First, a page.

Scientists have used data from the Cassini radar mapper to map the global wind pattern on Saturn's moon Titan using data collected over a four-year period, as depicted in this image.

Photojournal: PIA11801

February 26, 2009

Scientists have used data from the Cassini radar mapper to map the global wind pattern on Saturn's moon Titan using data collected over a four-year period, as depicted in this image.

The arrows indicate the direction in which sand is inferred to be transported along dunes observed in Titan radar data. Underlying the arrows is a base map (see Map of Titan - October 2007) from Cassini's imaging science subsystem. Many of the equatorial dark areas without arrows might have dunes but have not yet been imaged with radar. The dune orientations represent only the net effect of winds. It could be that sand transport only occurs on rare occasions, and winds from different directions can combine to yield the observed dune orientations.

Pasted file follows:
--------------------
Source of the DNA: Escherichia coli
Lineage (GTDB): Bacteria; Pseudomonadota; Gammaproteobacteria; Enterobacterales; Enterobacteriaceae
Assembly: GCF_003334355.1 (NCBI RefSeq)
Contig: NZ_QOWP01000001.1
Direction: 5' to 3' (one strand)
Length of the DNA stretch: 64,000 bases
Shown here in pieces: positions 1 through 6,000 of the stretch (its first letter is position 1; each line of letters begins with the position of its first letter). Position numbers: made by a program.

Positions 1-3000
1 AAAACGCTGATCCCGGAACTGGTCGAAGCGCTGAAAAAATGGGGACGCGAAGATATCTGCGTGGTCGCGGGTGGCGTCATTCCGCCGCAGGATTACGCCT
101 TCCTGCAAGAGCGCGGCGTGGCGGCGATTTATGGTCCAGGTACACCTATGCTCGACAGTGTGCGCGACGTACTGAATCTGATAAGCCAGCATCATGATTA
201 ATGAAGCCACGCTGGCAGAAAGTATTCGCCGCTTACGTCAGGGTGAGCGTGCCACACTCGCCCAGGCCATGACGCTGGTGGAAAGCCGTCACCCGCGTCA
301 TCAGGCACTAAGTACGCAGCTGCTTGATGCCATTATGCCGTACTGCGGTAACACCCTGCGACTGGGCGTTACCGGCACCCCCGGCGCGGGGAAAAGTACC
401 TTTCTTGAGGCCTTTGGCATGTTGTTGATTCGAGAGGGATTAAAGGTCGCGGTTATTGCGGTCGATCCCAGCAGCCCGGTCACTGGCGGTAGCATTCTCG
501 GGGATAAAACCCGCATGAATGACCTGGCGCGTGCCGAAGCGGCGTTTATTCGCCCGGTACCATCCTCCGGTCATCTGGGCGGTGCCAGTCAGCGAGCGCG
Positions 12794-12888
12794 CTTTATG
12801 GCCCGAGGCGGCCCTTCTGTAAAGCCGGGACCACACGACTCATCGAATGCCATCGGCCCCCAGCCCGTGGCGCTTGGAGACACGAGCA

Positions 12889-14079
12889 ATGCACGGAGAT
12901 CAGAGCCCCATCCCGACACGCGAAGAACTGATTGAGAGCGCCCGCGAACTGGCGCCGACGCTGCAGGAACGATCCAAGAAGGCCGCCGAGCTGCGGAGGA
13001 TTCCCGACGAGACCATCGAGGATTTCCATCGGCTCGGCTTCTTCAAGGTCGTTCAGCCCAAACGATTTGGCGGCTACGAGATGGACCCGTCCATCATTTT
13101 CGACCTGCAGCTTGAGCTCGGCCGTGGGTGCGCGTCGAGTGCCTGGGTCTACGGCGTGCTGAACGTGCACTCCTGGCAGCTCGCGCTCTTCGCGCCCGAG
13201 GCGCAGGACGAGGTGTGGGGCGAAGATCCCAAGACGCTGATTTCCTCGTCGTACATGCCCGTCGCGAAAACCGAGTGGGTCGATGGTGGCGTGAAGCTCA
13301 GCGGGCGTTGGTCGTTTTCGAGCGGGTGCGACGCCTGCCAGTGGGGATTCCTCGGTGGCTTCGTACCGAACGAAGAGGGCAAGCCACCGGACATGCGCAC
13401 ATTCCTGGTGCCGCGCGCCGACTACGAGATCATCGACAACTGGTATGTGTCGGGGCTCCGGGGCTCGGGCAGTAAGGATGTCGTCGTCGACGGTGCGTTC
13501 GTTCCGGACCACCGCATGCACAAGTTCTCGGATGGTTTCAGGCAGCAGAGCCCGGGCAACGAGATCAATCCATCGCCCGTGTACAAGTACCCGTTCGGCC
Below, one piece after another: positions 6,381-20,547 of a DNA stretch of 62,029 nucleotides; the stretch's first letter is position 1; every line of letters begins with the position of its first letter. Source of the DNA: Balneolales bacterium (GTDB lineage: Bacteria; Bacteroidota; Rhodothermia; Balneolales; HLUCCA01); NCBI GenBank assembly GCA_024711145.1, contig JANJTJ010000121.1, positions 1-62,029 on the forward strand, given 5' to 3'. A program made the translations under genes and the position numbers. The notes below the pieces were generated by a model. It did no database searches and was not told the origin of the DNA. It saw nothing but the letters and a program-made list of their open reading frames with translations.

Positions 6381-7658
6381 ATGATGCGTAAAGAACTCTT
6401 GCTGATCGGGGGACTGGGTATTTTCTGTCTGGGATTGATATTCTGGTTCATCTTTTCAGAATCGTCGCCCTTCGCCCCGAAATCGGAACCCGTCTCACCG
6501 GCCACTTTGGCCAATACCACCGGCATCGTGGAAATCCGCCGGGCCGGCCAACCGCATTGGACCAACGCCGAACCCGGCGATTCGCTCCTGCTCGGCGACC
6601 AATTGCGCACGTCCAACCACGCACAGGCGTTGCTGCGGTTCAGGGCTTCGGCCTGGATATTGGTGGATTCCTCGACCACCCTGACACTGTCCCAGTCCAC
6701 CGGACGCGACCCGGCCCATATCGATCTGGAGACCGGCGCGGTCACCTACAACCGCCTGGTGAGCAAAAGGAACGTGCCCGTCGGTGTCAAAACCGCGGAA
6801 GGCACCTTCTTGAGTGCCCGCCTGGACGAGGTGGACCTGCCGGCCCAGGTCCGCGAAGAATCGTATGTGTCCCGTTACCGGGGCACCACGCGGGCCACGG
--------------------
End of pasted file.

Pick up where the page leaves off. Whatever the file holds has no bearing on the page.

The Cassini-Huygens mission is a cooperative project of NASA, the European Space Agency and the Italian Space Agency. NASA's Jet Propulsion Laboratory, a division of the California Institute of Technology in Pasadena, manages the mission for NASA's Science Mission Directorate, Washington, D.C. The Cassini orbiter was designed, developed and assembled at JPL. The radar instrument was built by JPL and the Italian Space Agency, working with team members from the United States and several European countries. The imaging operations center is based at the Space Science Institute in Boulder, Colo.

For more information about the Cassini-Huygens mission, visit http://saturn.jpl.nasa.gov/home/index.cfm. The Cassini imaging team homepage is at http://ciclops.org.

Credit: NASA/JPL/Space Science Institute

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